In my research, I came across this big question, the question is “Is Verizon killing Tumblr fight for net neutrality? ” Remember back in 2014, Tumblr embarked on a battle for net neutrality.Tumblr stood by Amazon, Kickstarter, Etsy, Vimeo, Reddit, and Netflix during Battle for the Net’s day of action. Tumblr CEO David Karp was also part of a group of New York tech CEOs that met with then-FCC chairman Tom Wheeler in Brooklyn that summer, while the FCC was fielding public comment on new Title II rules.
During that time, President Obama invited David Karp to the White House to discuss the various issues regarding public education.Also in February 2015 The Wall Street Journal reported that it was the influence of David Karp and a small group of liberal tech CEOs that swayed Obama toward a philosophy of internet as public utility.
Net Neutrality is the basic principle that prohibits internet service providers like AT&T, Comcast and Verizon from speeding up, slowing down or blocking any content, applications or websites you want to use. Net Neutrality is the way that the internet has always worked.
In 2015, millions of activists pressured the Federal Communications Commission to adopt historic Net Neutrality rules that keep the internet free and open — allowing you to share and access information of your choosing without interference.
But right now this win is in jeopardy: Trump’s FCC chairman, Ajit Pai, wants to destroy Net Neutrality. And on May 18, the FCC voted to let Pai’s internet-killing plan move forward.The term was coined by Columbia University media law professor Tim Wu in 2003, as an extension of the longstanding concept of a common carrier, which was used to describe the role of telephone systems.
What is Net Neutrality?
Net neutrality is the principle that Internet service providers and governments regulating the Internet should treat all data on the Internet the same, not discriminating or charging differentially by user, content, website, platform, application, type of attached equipment, or mode of communication.
According to save the internet, Net Neutrality means an internet that enables and protects free speech. It means that ISPs should provide us with open networks — and shouldn’t block or discriminate against any applications or content that ride over those networks. Just as your phone company shouldn’t decide who you call and what you say on that call, your ISP shouldn’t interfere with the content you view or post online.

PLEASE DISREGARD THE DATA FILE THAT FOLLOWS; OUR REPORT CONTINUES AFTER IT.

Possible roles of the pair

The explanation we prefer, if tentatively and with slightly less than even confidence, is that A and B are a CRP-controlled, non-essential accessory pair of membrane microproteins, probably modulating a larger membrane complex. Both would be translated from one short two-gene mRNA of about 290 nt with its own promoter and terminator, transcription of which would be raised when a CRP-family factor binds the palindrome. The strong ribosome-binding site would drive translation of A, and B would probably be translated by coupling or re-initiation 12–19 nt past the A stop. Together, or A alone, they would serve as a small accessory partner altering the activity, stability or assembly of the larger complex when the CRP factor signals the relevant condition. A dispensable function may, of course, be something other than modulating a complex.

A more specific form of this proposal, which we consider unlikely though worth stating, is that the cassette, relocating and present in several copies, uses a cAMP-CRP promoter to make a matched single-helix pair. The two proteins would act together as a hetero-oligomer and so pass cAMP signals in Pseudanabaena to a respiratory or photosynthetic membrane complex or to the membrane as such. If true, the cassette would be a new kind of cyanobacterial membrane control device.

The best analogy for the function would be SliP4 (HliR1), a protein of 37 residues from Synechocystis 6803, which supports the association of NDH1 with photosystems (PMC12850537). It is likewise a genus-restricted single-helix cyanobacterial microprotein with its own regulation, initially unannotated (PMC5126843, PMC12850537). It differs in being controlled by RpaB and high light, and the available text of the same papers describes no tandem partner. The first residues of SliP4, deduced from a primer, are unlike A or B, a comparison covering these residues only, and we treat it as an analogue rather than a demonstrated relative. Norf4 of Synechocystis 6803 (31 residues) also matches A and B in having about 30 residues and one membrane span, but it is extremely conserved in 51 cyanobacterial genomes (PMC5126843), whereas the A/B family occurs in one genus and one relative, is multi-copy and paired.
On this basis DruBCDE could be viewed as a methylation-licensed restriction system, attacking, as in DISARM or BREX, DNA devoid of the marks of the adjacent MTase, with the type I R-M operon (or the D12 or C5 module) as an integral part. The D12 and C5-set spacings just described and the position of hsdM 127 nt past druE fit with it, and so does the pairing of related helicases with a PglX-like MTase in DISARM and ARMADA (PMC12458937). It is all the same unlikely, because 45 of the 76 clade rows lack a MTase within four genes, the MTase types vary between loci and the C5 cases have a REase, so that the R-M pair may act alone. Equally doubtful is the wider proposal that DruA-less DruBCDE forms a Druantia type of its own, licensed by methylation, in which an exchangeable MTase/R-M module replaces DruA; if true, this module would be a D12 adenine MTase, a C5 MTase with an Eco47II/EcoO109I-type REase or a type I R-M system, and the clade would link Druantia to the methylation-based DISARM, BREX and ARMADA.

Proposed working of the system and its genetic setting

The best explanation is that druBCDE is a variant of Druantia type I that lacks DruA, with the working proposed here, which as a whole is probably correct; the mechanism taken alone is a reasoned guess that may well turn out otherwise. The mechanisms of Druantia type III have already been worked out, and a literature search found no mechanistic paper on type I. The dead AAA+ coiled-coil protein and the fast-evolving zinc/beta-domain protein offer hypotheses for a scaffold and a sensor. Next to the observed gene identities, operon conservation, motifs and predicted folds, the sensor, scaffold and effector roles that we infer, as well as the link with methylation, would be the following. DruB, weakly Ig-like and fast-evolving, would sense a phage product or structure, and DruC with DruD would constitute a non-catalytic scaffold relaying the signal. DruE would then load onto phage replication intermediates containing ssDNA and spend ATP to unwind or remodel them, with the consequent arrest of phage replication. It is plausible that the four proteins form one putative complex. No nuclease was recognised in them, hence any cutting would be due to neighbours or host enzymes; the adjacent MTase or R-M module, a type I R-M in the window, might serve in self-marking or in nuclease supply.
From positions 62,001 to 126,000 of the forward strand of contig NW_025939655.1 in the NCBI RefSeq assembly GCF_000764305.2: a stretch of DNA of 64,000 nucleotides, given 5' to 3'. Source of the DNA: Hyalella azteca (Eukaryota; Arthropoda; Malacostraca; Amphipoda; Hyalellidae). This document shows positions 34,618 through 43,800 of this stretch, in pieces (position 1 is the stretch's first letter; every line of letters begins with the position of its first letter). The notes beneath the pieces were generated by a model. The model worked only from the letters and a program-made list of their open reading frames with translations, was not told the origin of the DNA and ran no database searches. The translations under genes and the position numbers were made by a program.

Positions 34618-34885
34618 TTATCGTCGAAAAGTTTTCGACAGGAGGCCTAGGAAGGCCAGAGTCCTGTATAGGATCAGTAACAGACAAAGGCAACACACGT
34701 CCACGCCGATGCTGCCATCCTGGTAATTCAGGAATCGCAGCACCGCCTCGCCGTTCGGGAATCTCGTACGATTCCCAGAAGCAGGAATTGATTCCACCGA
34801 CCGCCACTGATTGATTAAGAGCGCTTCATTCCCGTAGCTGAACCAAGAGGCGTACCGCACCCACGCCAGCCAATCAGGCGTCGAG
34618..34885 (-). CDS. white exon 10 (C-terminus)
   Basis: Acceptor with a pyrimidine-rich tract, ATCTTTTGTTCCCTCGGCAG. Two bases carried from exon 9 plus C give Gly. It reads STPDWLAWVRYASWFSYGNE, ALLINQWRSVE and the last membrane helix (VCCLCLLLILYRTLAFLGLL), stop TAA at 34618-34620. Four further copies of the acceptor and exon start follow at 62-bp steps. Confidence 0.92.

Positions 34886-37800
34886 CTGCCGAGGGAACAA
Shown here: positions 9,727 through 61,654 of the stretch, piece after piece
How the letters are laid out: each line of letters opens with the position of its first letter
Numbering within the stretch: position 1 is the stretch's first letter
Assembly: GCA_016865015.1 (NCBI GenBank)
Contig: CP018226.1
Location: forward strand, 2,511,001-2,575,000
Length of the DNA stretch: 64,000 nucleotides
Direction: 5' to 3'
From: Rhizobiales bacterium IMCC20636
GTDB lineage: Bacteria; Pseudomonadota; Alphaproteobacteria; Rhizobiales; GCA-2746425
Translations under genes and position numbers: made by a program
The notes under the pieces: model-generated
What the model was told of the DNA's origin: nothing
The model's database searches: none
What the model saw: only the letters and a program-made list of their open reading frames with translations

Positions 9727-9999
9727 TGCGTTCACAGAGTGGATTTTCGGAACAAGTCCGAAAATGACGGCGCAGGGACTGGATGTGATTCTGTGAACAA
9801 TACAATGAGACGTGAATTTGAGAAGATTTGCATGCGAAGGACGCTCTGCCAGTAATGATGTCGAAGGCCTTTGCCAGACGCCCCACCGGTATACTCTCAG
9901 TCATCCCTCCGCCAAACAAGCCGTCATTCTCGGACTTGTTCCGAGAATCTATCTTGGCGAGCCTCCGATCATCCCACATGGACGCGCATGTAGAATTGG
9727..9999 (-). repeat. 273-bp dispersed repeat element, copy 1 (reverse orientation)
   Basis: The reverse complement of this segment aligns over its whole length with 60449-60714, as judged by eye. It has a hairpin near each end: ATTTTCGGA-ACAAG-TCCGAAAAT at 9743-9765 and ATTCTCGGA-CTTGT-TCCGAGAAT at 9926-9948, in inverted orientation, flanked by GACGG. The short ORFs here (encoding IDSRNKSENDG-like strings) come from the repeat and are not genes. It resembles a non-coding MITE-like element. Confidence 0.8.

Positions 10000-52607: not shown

Without Net Neutrality, cable and phone companies could carve the internet into fast and slow lanes. An ISP could slow down its competitors’ content or block political opinions it disagreed with. ISPs could charge extra fees to the few content companies that could afford to pay for preferential treatment — relegating everyone else to a slower tier of service. This would destroy the open internet.
Whats happening to Tumblr Fight for Net Neutrality?
According to the Verge, A representative for Battle for the Net told The Verge in an email, “Outreach for the day of action is very much an active and ongoing process… I wouldn’t read too much into who is and isn’t on the list so far.” Still, a rep for Tumblr declined to comment on whether the company would be participating, and AOL’s senior VP of brand communications Caroline Campbell responded to an inquiry about whether Tumblr would maintain its stance on net neutrality, writing “[It’s] just too early to answer your question.”
When a company and a CEO have a reputation for being loud, silence says something.Karp is still outspoken on other issues that matter to him, however. He is on the board of Planned Parenthood, and Tumblr hosted a “Never Going Back” rally at SXSW this year, protesting renewed threats on reproductive rights.